The editors of the New Orleans Times-Picayune pulled no punches on the dismal federal response to Hurricane Katrina in their first open letter to President Bush on Sept. 4. Today, they’ve done it again, timing a new missive to the President’s third post-Katrina visit to the area.

The takeaway: We’re not going away, Mr. President. Commit to doing whatever it takes to rebuild our city better than it was before — including restoration of Louisiana’s coast and the Mississippi River.

Here’s an excerpt, emphases mine:

Dear Mr. President,

Welcome to our wounded city. This is your third visit since Hurricane Katrina devastated metropolitan New Orleans and the Mississippi Gulf Coast two weeks ago. You will see that the obituaries for the Crescent City were premature. You can detect a pulse, albeit a faint one. New Orleanians, who are known for resilience and love of their hometown, are clamoring to return and rebuild …

… we’re well aware that we cannot rely on government alone, that we must help ourselves. Already our people have begun to do so: rescuing, sheltering, and raising money for the most desperate victims. But faced with a disaster like this hurricane, no community can fend for itself.

Many of us cannot return to our homes because they were flooded, due to inadequate levees and an inadequate effort to restore the coastline of Louisiana. These are problems that successive administrations, including yours, have ignored. All of us deserve a chance to return to decent homes.

New Orleanians also deserve to know that our federal government has made an all-out effort to ensure that a disaster like Katrina cannot happen again. Such an effort should include concrete and dirt, creative thinking, and a commitment that will last for years.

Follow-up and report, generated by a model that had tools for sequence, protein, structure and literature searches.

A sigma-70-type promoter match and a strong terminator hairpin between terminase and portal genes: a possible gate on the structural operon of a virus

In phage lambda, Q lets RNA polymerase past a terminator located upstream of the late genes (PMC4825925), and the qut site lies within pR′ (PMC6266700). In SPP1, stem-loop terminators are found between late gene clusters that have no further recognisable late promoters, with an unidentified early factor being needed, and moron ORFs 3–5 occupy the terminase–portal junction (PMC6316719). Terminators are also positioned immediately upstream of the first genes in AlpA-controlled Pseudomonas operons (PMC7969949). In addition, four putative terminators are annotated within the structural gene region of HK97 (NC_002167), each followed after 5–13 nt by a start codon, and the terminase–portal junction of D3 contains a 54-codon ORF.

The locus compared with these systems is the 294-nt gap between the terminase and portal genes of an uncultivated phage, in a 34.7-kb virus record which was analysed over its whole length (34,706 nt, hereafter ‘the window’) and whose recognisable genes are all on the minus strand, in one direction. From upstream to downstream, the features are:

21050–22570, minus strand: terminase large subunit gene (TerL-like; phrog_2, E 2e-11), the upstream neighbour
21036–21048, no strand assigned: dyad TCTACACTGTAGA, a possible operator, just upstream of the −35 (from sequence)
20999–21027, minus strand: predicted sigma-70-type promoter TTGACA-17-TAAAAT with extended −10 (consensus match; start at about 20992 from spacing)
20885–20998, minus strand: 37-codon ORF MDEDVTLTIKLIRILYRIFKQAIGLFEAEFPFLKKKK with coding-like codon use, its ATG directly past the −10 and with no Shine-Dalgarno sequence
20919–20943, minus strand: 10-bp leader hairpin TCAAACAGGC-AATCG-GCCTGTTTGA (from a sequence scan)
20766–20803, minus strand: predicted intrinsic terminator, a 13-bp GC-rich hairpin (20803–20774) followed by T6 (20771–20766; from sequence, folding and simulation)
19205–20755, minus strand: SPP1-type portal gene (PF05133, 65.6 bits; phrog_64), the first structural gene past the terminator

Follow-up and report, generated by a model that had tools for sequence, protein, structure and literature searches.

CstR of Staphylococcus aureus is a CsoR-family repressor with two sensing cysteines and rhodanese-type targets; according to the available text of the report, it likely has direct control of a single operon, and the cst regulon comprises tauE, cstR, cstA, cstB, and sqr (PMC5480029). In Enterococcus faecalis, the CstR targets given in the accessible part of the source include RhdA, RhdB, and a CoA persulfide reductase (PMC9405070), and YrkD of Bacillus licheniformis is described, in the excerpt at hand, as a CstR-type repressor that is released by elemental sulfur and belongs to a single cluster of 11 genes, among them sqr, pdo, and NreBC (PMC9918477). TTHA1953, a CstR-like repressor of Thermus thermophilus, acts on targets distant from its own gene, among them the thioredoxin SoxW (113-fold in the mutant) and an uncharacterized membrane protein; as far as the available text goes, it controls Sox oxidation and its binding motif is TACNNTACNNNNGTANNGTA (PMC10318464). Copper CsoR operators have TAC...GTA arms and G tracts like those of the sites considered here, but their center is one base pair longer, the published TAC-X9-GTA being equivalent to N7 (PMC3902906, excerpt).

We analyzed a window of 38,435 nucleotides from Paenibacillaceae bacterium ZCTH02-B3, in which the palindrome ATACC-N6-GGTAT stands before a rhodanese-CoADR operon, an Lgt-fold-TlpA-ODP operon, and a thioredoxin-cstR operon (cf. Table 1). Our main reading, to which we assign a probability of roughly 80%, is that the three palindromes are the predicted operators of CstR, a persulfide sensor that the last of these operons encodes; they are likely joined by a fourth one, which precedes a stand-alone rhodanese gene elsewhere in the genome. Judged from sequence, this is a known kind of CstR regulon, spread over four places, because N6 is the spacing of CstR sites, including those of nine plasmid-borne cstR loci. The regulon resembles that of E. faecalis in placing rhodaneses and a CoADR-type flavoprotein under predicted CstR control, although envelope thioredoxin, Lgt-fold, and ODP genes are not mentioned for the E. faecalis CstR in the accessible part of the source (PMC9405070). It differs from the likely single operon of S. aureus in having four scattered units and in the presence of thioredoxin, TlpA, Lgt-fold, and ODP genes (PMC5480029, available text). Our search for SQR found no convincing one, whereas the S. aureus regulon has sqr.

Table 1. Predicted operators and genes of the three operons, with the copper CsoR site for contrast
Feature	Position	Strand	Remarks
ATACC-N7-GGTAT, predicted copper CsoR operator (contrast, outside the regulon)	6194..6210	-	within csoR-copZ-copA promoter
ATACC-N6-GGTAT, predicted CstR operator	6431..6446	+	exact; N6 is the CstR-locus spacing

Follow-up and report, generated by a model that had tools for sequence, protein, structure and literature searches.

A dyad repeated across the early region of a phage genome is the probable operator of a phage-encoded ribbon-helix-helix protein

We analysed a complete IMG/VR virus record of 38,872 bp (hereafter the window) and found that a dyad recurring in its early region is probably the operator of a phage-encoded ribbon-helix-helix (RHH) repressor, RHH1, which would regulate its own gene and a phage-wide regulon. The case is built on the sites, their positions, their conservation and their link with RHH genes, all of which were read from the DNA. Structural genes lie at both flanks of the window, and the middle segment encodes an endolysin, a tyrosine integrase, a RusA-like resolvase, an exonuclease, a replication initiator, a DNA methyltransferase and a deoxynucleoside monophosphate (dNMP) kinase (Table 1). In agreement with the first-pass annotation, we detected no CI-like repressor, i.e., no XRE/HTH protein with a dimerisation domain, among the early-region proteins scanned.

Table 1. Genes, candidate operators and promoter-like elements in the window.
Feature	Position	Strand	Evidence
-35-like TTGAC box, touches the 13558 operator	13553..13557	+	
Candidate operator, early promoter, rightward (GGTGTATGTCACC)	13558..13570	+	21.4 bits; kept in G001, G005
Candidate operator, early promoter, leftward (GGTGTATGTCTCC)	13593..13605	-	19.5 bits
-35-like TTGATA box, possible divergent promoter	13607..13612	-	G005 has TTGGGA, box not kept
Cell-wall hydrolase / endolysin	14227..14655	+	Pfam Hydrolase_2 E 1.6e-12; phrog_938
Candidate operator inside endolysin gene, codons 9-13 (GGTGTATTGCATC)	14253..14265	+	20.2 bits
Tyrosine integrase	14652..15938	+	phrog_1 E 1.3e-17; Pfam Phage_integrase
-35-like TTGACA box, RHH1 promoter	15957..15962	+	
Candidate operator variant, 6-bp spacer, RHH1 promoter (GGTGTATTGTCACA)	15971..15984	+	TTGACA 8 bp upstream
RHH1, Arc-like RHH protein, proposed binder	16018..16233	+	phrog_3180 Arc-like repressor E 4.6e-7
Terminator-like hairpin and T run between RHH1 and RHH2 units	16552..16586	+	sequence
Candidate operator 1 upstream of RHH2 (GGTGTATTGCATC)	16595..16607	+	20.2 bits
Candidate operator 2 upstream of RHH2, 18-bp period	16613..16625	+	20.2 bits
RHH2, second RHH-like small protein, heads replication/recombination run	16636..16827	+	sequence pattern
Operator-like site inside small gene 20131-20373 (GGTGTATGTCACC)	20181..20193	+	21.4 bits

It also means a promise to do whatever it takes, whatever it costs, to restore Louisiana’s coast. New Orleans cannot exist as a coastal city surrounded by levees so high they cast a shadow over our dwellings. It was once an inland river port, and it must be one once again.

The waters will recede, and the death toll may fall below earlier estimates. It will become easy — with no evacuees on roofs, no starving, clamoring people at the Superdome and Convention Center — to decide that you have fulfilled your commitment to New Orleans.

That would be a huge mistake, Mr. President. The New Orleans that we and the nation deserve will be protected by thriving marshlands, walled off for floods, rebuilt even for its poorest citizens. It will be endowed with the schools, roads, and new infrastructure that will allow it once again to be a viable urban center, a vital port, a cultural treasure to America and the world.

Read the whole thing.